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Key trends among STEM graduates

June 2019

The gender gap in professional-level employment has narrowed, but data suggests more could still be done to tackle the underrepresentation of women in STEM

Which STEM subjects produce the greatest proportion of graduates? Are more STEM students choosing further study? How significant is the international cohort?

This article answers these questions and more by looking at HESA's Destinations of Leavers from Higher Education (DLHE) data from 2012/13 to 2016/17 to help HE and careers professionals understand the changing behaviour of STEM graduates.

The gender divide

Encouraging females to pursue STEM subjects in school and at university has been a longstanding issue. Women are underrepresented across the majority of these disciplines, making up 42% of all STEM A-level exam entries and just 8% of STEM apprentice starts in 2016/17.1 The effects are felt throughout many industries, with women accounting for only 11% of engineers, 17% of IT professionals and 15% of science, engineering and technology managers.2

Efforts have been made to tackle this underrepresentation, and there has been a 1.3% rise in female STEM graduates over the past five years of DLHE data. However, this increase has not kept pace with the growth rate for their male counterparts (+4.6%) meaning the proportion of female graduates has declined slightly year-on-year. Men still continue to represent over 70% of STEM graduates, despite females making up the majority of graduates overall.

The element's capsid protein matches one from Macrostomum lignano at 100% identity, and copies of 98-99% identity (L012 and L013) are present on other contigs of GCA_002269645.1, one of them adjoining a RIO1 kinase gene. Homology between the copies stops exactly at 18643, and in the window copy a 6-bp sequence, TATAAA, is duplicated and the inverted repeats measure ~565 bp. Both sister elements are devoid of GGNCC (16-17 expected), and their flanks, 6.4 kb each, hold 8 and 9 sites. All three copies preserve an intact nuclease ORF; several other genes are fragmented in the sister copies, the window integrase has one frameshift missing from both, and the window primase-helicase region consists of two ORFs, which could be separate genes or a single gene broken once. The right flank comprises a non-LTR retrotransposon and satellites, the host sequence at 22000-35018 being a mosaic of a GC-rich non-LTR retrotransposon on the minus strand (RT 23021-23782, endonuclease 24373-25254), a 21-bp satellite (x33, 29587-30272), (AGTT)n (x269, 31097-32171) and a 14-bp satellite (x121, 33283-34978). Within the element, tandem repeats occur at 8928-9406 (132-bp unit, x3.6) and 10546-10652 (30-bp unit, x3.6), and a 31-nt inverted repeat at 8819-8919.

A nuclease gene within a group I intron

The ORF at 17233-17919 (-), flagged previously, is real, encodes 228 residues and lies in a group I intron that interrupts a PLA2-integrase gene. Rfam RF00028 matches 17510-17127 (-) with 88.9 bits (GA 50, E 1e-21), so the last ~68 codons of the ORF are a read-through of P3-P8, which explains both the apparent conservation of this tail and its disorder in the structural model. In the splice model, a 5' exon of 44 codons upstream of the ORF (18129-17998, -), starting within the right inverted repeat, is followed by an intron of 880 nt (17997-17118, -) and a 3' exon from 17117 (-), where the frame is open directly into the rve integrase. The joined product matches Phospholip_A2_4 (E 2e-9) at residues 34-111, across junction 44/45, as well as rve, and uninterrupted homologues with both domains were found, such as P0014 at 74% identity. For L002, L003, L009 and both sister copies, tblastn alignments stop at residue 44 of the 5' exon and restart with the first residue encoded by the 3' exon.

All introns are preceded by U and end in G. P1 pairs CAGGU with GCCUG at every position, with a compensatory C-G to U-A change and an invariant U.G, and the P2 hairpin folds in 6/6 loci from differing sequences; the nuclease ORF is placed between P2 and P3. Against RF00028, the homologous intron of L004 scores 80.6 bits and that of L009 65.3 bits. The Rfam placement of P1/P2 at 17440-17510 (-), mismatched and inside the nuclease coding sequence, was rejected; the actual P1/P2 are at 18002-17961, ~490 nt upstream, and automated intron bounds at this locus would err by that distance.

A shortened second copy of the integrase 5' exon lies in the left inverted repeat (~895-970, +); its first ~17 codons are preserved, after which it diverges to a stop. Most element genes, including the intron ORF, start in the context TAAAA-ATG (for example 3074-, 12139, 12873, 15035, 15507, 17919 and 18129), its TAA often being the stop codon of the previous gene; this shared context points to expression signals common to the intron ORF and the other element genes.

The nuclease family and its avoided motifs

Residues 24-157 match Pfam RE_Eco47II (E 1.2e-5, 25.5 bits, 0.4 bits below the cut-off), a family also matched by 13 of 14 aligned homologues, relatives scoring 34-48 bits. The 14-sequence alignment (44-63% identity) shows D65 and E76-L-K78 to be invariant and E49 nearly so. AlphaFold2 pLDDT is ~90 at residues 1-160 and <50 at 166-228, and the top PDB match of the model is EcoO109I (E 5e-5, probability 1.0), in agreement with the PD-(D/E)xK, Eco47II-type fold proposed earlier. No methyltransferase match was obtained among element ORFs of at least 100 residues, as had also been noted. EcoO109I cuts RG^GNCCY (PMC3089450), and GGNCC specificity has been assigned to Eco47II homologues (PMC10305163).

It's important that females are encouraged to take up these subjects and recognise their potential in the early stages of education to help inform their GCSE subject choices. Ensuring female role models are highlighted in the curriculum and generating discussion between students and employers increases young people's awareness of STEM careers and inspires women to pursue these professions.3 Employers could consider promoting work/life balance and inclusivity in their job campaigns to appeal to female talent.4

An international dimension

The UK continues to attract a large volume of international students to its universities, owing to its leading reputation for science and engineering research and high-quality education.5

International students made up 17.6% of STEM graduates in 2016/17, and since 2014/15 the number of other EU graduates from UK universities increased by 5.9%. During the same time the number of non-EU graduates for these disciplines increased year-on-year by 6.1%.

The effect of Brexit on international student numbers will become clearer in the following years, but there is concern that it could make it difficult for the UK to attract high-quality researchers and international collaboration may become more of a challenge.6